Presbyopia is the gradual loss of your eyes’ ability to focus on near objects. It is a natural, age related process that usually becomes noticeable in your early to mid-40s and continues to increase until around age 65 or 70 years of age.
You may become aware of this condition when you start holding books and newspapers at an arm’s length to be able to read them. If you are nearsighted (myopic), you might temporarily manage to continue reading if you read without using your distant glasses.
A routine eye consultation can confirm this diagnosis.
You can correct the condition with nonprescription reading glasses or prescription eyeglasses or contact lenses. Surgery also may be an option for presbyopia.
About Presbyopia and LASIK
After 40 years, we all need to use reading glasses. In older people who have not had LASIK done and still need to use numbers for distant work, these are then used as ‘Bi focals’ or ‘verifocals’. Reading glasses are an age related issue and no one is exempt from it.
There is no permanent treatment by laser for this, although some doctors advertise ‘presbyopic LASIK’, which is a laser treatment needing to be repeated every 1 or 1.5 years and is still in its infancy, hence not advocated by Dr Anand Shroff, our LASIK expert and Corneal surgeon.
Correcting Presbyopia with Intra ocular lens implant surgery
There is one way to avoid reading numbers and also correct myopia (minus numbers for distance), which is by a surgery using implants or accomodative (wavefront lenses), which may be a good option for older age groups.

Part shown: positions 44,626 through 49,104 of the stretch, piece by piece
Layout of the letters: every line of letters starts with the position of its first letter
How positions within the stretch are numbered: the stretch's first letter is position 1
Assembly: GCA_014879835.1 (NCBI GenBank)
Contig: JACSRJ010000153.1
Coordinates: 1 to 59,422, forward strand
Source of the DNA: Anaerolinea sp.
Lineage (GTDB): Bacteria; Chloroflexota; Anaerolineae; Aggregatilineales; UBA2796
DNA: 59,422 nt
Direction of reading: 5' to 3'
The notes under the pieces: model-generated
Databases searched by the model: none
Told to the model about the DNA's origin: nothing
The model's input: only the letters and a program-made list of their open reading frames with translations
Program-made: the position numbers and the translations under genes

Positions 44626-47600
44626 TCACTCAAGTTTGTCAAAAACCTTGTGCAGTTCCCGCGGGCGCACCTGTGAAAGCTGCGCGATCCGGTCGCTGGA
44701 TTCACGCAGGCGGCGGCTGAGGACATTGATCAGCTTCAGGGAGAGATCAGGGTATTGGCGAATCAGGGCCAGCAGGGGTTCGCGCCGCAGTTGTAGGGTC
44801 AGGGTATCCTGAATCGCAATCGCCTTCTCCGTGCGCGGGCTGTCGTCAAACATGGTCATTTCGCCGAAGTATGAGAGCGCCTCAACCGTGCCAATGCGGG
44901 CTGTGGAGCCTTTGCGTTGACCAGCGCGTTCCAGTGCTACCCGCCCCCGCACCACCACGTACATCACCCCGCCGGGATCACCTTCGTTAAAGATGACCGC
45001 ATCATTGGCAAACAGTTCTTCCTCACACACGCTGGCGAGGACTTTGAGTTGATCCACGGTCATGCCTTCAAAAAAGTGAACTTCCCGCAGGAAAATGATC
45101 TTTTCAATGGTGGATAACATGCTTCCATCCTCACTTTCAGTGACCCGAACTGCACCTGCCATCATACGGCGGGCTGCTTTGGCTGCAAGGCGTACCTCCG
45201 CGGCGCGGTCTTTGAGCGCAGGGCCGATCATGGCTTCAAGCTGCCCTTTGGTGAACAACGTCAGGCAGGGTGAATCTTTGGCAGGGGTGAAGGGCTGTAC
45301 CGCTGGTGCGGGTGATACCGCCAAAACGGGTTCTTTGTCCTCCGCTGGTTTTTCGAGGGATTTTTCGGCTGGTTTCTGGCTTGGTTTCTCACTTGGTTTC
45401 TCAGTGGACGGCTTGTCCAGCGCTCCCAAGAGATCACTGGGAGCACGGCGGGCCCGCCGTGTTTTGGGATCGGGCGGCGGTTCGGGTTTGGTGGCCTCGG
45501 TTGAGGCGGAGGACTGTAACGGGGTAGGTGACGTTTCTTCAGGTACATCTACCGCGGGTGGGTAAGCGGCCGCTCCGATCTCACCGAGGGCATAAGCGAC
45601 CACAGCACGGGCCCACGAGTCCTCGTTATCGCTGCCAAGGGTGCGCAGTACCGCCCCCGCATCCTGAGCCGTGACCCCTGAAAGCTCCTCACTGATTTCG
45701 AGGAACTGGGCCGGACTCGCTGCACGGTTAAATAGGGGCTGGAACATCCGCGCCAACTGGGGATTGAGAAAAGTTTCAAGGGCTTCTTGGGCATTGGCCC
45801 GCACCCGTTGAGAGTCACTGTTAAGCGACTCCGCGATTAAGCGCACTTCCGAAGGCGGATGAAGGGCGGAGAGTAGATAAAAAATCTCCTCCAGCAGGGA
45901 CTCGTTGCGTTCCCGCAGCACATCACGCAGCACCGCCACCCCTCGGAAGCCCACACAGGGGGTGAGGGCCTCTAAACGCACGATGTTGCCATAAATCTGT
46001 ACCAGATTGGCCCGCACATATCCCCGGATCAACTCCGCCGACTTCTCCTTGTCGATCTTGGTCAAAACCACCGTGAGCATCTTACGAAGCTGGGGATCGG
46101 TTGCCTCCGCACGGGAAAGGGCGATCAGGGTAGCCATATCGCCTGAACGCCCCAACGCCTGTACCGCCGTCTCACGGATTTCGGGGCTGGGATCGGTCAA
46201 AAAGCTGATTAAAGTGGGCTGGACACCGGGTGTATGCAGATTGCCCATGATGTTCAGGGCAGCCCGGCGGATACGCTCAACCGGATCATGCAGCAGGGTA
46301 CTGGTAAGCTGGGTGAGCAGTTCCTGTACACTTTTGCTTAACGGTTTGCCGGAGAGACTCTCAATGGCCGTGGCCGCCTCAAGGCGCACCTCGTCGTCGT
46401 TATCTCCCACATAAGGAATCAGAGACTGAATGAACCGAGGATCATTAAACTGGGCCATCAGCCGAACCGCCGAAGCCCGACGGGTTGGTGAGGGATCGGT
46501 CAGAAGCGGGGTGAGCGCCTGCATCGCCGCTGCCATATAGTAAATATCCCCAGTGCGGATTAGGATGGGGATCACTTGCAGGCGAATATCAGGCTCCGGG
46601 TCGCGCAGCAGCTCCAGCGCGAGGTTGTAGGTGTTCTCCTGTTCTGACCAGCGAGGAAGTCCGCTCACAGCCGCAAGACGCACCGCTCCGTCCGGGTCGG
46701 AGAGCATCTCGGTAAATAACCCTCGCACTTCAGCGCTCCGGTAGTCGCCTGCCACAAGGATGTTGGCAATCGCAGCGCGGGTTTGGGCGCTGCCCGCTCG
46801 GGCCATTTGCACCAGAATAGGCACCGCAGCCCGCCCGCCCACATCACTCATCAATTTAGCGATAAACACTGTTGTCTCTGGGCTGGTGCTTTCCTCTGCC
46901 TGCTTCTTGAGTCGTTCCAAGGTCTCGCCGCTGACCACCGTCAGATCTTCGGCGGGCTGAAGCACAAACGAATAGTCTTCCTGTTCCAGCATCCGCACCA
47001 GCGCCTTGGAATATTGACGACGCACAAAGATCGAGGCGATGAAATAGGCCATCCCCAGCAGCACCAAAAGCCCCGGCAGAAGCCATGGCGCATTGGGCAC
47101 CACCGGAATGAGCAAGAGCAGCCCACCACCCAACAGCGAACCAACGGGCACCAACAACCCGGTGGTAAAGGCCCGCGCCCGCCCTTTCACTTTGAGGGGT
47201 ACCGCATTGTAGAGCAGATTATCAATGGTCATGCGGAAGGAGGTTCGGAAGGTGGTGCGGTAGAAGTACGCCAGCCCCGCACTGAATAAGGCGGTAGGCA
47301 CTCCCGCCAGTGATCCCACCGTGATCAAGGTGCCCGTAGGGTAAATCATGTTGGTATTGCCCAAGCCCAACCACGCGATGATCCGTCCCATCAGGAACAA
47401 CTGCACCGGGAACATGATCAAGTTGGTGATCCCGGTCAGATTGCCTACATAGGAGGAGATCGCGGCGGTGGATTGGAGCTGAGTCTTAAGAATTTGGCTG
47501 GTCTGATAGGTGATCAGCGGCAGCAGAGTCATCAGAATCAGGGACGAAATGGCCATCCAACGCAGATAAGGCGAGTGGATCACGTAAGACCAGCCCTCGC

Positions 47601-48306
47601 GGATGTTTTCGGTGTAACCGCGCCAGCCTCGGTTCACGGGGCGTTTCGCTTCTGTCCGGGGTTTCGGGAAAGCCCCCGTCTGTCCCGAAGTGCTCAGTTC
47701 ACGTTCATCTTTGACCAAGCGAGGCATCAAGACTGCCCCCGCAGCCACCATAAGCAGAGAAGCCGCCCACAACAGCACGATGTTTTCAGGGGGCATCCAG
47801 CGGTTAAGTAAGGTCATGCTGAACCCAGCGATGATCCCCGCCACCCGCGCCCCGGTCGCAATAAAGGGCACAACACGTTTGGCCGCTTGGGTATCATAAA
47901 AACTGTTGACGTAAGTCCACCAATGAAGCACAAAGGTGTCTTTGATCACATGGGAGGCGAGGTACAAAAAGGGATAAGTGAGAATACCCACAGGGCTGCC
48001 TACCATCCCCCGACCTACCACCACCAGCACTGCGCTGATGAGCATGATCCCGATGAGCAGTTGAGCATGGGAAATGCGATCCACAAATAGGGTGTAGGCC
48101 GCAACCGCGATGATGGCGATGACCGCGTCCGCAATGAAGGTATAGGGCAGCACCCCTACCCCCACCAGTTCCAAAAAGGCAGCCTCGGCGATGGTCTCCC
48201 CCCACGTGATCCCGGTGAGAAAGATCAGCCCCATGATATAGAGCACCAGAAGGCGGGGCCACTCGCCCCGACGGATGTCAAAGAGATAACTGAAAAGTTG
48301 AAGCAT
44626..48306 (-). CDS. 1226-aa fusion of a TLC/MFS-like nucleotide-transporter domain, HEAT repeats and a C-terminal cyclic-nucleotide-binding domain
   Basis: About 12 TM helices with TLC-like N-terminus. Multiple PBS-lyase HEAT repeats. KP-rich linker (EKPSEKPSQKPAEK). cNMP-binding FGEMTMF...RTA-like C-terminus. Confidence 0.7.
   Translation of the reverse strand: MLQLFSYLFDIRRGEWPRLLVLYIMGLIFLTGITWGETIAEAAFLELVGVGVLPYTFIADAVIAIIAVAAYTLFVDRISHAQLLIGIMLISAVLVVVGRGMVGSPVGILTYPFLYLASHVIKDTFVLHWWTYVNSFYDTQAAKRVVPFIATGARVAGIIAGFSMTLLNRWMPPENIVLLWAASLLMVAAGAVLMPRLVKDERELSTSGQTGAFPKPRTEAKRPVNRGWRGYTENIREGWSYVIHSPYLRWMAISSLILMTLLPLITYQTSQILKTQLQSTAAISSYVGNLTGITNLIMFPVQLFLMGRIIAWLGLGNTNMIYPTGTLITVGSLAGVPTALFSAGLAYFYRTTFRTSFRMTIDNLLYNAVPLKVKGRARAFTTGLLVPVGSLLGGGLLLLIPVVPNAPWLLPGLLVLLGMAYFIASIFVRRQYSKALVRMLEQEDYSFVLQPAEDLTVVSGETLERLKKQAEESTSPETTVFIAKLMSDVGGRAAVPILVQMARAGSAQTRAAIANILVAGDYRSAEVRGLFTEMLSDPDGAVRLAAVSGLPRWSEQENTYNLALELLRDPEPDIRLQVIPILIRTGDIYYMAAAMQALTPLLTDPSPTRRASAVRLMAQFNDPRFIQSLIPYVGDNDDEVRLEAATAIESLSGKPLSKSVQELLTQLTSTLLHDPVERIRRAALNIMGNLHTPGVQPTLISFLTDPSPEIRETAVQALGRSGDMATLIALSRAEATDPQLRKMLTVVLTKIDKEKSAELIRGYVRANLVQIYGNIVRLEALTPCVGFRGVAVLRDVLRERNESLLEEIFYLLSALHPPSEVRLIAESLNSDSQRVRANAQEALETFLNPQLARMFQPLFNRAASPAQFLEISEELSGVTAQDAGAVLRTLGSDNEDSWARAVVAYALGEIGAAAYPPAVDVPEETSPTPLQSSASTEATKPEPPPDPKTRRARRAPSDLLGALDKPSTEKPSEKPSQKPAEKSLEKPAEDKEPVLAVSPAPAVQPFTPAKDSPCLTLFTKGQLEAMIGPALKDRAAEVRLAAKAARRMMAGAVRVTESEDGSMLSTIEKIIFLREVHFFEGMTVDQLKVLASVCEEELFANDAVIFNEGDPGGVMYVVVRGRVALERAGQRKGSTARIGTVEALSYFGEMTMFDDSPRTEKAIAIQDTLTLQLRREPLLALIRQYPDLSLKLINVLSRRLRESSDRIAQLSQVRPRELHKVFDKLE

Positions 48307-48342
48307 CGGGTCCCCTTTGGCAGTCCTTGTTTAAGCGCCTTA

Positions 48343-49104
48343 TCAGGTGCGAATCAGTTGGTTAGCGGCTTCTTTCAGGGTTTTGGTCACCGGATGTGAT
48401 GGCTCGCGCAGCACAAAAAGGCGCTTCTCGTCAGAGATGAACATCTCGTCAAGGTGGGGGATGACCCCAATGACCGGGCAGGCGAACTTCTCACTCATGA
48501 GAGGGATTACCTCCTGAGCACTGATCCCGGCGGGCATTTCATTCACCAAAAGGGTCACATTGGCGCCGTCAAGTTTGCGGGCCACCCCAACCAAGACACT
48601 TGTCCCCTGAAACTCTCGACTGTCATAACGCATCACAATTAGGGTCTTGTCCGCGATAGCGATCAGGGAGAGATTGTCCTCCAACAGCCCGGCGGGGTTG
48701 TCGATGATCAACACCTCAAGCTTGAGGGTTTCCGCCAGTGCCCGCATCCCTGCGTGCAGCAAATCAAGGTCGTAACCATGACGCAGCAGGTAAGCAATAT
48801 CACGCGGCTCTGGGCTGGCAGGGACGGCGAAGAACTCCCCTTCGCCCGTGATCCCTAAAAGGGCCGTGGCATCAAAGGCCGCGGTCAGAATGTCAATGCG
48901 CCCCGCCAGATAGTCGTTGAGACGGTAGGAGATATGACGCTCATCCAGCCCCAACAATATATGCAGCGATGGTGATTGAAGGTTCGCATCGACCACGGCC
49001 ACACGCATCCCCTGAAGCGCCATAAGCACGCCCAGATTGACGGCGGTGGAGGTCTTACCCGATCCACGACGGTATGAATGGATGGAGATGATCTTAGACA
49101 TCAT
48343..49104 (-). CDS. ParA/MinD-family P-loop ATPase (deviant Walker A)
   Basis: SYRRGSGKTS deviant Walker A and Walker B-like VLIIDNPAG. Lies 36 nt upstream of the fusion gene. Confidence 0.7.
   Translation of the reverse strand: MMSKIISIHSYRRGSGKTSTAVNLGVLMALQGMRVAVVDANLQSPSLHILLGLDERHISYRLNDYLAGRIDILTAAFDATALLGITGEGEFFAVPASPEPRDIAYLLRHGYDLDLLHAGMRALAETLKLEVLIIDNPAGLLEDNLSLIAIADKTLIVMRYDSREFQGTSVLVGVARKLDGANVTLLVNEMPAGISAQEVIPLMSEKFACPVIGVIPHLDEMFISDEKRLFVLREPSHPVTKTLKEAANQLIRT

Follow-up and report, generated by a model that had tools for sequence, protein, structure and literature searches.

In accomodative or multifocal implants, the natural lens of your eye is replaced, and hence there is no chance of any cataract in the future.
This surgery is also called PRELEX, which can be performed in some cases for presbyopia.
PRELEX stands for PREsbyopic Lens EXchange. It involves removing your old, inflexible natural lens and replacing it with an artificial one. The operation is performed under local anaesthetic, so you are kept awake but the eye is numbed. (ZThis is similar to the Artificial lenses which are quite often put in after cataract surgery, only the lenses used are more advanced helping you see in all focuses.)
It is only a detailed eye examination + understanding what kind of work you do (whether more distant related or computers etc, whether you drive a lot at night etc), that we help you make an nformed decision regarding the most suitable treatment for you.